TVNZ 6

TVNZ will expand its public broadcasting channel TVNZ 7 and launch a new commercial free-to-air youth-targeted channel in March 2011.

TVNZ CEO Rick Ellis said today the expanded TVNZ 7 channel would add a number of viewer favourites including pre-school children’s programmes from the current TVNZ 6 channel to its schedule.

Mr Ellis said TVNZ 6 would be discontinued in March and the transmission frequency used for the new commercial advertiser-supported youth channel.
 
Unlike TVNZ’s other channels and operations, TVNZ 6 and TVNZ 7 have been Crown funded. The $79 million over five years for the channels is due to expire in the 2011-12 financial year. Both were funded to encourage Freeview uptake and New Zealanders to move to digital television.
 
The Government had asked TVNZ for a plan to continue two channels on Freeview past the expiry of the funding. The accepted proposal is that one of the frequencies be commercialised and funded from advertising and the other continue to be publicly funded as a public broadcasting channel at least until the end of the current funding.
 
He said as well as a two hour pre-school children’s block, the expanded TVNZ 7 would have family-skewed information programmes and a commitment to arts and cultural programmes. The hourly news updates and the hour long “News At 8” would continue, along with popular programmes like Back Benches and Media7.
 
“The expanded TVNZ 7 is the best of both existing channels and will continue to offer advertising free television with programmes that are often difficult to see on commercial channels.”
 
TVNZ Head of Digital Channels, Eric Kearley said the new youth channel would be a first for New Zealand broadcasting, focussing on “social television” for 15 to 24 year olds.
 
The programmes on the youth channel would be a combination of reality and factual entertainment. But, importantly, the channel would exist both on air and online with the opportunity for new kinds of interactivity so audiences could use it to connect and socialise with each other.
 
The youth channel would be broadcast from midday to midnight. It was likely to have a daily live hosted show and themed nights such as extreme sports and concerts. Eight hours in the schedule would be first run content.
 
“There’s a group of young New Zealanders not being served by traditional free to air television and we believe a well conceived youth channel will be able to connect with them.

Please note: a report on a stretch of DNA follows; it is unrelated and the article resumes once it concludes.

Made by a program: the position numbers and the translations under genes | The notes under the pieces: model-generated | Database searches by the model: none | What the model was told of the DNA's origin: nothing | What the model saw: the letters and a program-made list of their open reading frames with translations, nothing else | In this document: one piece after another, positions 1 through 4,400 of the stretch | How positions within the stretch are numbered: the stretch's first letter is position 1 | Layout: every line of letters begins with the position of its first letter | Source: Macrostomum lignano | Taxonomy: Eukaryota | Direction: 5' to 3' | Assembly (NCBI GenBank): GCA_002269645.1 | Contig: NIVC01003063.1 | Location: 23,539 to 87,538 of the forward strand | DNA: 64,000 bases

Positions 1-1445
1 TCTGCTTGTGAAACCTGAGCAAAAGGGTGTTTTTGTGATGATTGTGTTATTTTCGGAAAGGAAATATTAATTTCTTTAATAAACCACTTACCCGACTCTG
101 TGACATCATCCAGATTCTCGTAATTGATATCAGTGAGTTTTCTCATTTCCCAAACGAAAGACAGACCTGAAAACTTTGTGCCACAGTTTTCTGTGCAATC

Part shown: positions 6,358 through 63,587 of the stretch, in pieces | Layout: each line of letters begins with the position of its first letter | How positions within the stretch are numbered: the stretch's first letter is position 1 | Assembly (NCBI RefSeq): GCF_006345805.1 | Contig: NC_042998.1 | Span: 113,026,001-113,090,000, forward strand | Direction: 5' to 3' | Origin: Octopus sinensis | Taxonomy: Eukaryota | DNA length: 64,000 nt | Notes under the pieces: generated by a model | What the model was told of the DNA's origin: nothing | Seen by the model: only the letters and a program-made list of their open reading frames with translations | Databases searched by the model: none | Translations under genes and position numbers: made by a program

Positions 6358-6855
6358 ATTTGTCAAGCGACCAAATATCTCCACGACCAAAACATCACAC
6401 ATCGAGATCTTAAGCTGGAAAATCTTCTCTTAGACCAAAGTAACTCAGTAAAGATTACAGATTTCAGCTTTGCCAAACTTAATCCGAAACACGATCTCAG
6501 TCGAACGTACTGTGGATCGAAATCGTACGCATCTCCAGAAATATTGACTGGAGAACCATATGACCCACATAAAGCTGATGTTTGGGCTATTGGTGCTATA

“MTV has closed its New Zealand operations and C4 is changing to an older skewed channel so there is an audience and advertisers who want to talk with them.”
 
Mr Kearley said the announcements on the details of the channel, including its name, would be made early next year.

Last week, John Drinnan suggested in the NZ Herald that TVNZ6 would be dumping Kidzone in favour of raunchy rock videos in a repositioning of the channel.  This has, of course, upset many parents who have enjoyed four years of free to air children’s programming to the point where they’ve started a group.

 

Typically, anything Drinnan writes should be viewed as being about 10% fact and 90% speculation so we asked TVNZ if there was any truth to his comments.  

Megan Richards told us that they felt the comments were a little premature considering the government is still only looking at options.  However, until the government has made a decision about what they’re wanting to do with the digital channels, TVNZ didn’t feel it was appropriate to make any other comments.

Both TVNZ 6 and 7 have been pivotal in many peoples decisions in purchasing a Freeview set top box.  Now that we have an analog switch off on the cards, the incentive of additional channels doesn’t necessarily apply.  Repositioning the channels to be fiscally responsible might be required but whether it’s realistic is a completely different question.

Both TVNZ’s digital channels have funding until the end of 2011 but changes are inevitable.  What that means for kidzone will depend on how commercially viable the decision makers in Wellington feel it can be.  Unfortunately, parents wanting a free babysitter probably don’t have too much sway in that conversation.